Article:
Wide-flange beams began rolling off the line in 1908 and were first used to build the Gimbel Brothers’ department store in New York City. In construction today, it might be easier to list the times you wouldn’t use a wide-flange beam as they have become the standard for any use that requires a high-strength application.
They can function as columns in commercial buildings and floors in homes. They form structural supports for overpasses and highway ramps and are critical for bridge construction. Outside of buildings, these support beams can perform as retaining walls. These are sometimes temporary to hold back dirt while construction is underway or permanent in sound barriers beside highways or basement walls.
How Wide-Flange Beams Are Made
Wide-flange beams typically use steel thanks to the fact that it is highly customizable, easy to work with, and durable. It’s also the most recycled material in the world by weight. If you’re buying American-made WF beams, they’re likely to contain as much as 95 percent scrap metal.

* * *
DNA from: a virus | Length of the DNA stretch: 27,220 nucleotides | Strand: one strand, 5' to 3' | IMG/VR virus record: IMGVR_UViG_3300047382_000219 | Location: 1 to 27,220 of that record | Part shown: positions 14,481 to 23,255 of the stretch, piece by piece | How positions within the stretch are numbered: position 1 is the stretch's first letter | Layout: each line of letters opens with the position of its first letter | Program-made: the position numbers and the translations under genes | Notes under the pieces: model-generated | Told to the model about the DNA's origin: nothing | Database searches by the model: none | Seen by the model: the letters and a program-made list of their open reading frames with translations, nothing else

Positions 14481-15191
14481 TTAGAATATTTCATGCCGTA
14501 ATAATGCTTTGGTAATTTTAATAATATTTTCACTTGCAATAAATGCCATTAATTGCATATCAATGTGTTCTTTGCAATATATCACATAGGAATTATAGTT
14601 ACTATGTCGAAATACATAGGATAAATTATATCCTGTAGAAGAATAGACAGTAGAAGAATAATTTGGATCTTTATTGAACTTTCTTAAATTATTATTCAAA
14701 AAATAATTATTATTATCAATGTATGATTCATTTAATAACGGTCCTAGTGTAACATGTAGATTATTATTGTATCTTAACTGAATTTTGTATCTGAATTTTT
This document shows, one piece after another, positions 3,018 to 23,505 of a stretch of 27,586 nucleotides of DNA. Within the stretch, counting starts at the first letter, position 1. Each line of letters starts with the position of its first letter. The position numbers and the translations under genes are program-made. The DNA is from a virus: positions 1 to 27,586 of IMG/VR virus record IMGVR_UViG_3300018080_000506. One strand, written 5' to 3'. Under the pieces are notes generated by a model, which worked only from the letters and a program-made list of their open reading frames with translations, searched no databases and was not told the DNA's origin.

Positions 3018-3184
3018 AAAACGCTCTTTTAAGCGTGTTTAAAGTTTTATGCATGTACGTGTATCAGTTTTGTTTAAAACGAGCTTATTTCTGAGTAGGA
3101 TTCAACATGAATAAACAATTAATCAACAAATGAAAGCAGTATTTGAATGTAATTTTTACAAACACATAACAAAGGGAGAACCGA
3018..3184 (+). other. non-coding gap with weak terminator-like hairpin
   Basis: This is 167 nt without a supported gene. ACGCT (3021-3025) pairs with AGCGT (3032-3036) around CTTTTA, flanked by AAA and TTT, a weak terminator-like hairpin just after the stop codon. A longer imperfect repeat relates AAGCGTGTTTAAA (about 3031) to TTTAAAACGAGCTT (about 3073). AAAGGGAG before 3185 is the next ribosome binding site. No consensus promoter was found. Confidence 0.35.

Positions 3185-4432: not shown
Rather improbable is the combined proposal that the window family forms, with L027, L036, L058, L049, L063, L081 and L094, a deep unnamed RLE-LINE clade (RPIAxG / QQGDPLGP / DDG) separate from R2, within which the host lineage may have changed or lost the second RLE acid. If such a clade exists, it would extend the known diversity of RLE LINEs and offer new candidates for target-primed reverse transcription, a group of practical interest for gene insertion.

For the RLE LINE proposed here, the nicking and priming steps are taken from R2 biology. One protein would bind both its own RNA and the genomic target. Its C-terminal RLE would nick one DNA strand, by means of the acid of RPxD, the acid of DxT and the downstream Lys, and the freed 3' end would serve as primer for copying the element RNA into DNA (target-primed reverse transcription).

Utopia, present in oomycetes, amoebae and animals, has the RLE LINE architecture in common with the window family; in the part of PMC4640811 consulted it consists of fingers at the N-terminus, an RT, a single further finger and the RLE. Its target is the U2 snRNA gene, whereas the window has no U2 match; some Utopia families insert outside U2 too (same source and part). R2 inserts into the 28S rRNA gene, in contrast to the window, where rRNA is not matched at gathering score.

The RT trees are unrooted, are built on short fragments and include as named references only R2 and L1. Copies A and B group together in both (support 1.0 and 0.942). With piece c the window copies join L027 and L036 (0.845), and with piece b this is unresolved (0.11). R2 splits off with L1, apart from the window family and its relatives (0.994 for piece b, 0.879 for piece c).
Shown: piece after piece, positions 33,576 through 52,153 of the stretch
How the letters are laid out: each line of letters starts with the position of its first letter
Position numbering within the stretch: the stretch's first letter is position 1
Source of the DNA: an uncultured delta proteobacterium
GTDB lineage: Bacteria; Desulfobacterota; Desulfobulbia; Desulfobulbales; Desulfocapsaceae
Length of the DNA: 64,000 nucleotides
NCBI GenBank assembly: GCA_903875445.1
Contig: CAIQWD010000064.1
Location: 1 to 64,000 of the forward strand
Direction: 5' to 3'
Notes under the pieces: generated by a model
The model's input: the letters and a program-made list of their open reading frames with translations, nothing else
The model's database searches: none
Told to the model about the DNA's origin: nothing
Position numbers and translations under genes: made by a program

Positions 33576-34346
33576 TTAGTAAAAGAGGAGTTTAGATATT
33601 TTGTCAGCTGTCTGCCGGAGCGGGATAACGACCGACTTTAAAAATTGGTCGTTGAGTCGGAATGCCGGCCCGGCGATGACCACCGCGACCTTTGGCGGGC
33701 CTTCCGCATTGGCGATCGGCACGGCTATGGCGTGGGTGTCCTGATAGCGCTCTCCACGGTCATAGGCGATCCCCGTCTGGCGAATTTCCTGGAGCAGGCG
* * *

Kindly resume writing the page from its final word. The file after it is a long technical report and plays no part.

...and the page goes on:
Once the metal is cleaned up and ready as raw material, the steel is rolled out much like dough by a rolling pin. The rolling creates a rough shape of the beam. It is then fed through a universal mill for fine-tuning, at which time it is rolled horizontally and vertically to refine the “H” shape.
Not An I-Beam
While you might hear terms like I-beam, H-beam, and W-beam used interchangeably, they aren’t quite the same. Wide-flange beams are technically H-beams because of their shape, but a “W” is often used when referring to their sizing.
A wide-flange beam looks more like a sideways “H” than an “I” because of the wider flange. An I-beam has narrower flanges, making it a lighter building material. You can also see a difference in where the web connects to the flanges, as an I-beam meets them at an angle.
Beyond the shape, the beam types differ as well in their construction. An H-beam or wide flange has a thicker center web and can be built up to be any size or height. An I-beam has a thinner centerpiece and is restricted in size by the manufacturer’s equipment. H-beams can span up to 330 feet, while an I-beam’s span ranges 33-100 feet.
Measuring Wide-Flange Beams
In the construction industry, WF beams come in a wide range of sizes, and the American Society for Testing and Materials International (ASTM International) provides standardized guidelines for steel manufacturers globally. Steel manufacturers use the information that ASTM International publishes, including the classification, evaluation, and specification of steel types, to produce standardized WF beams.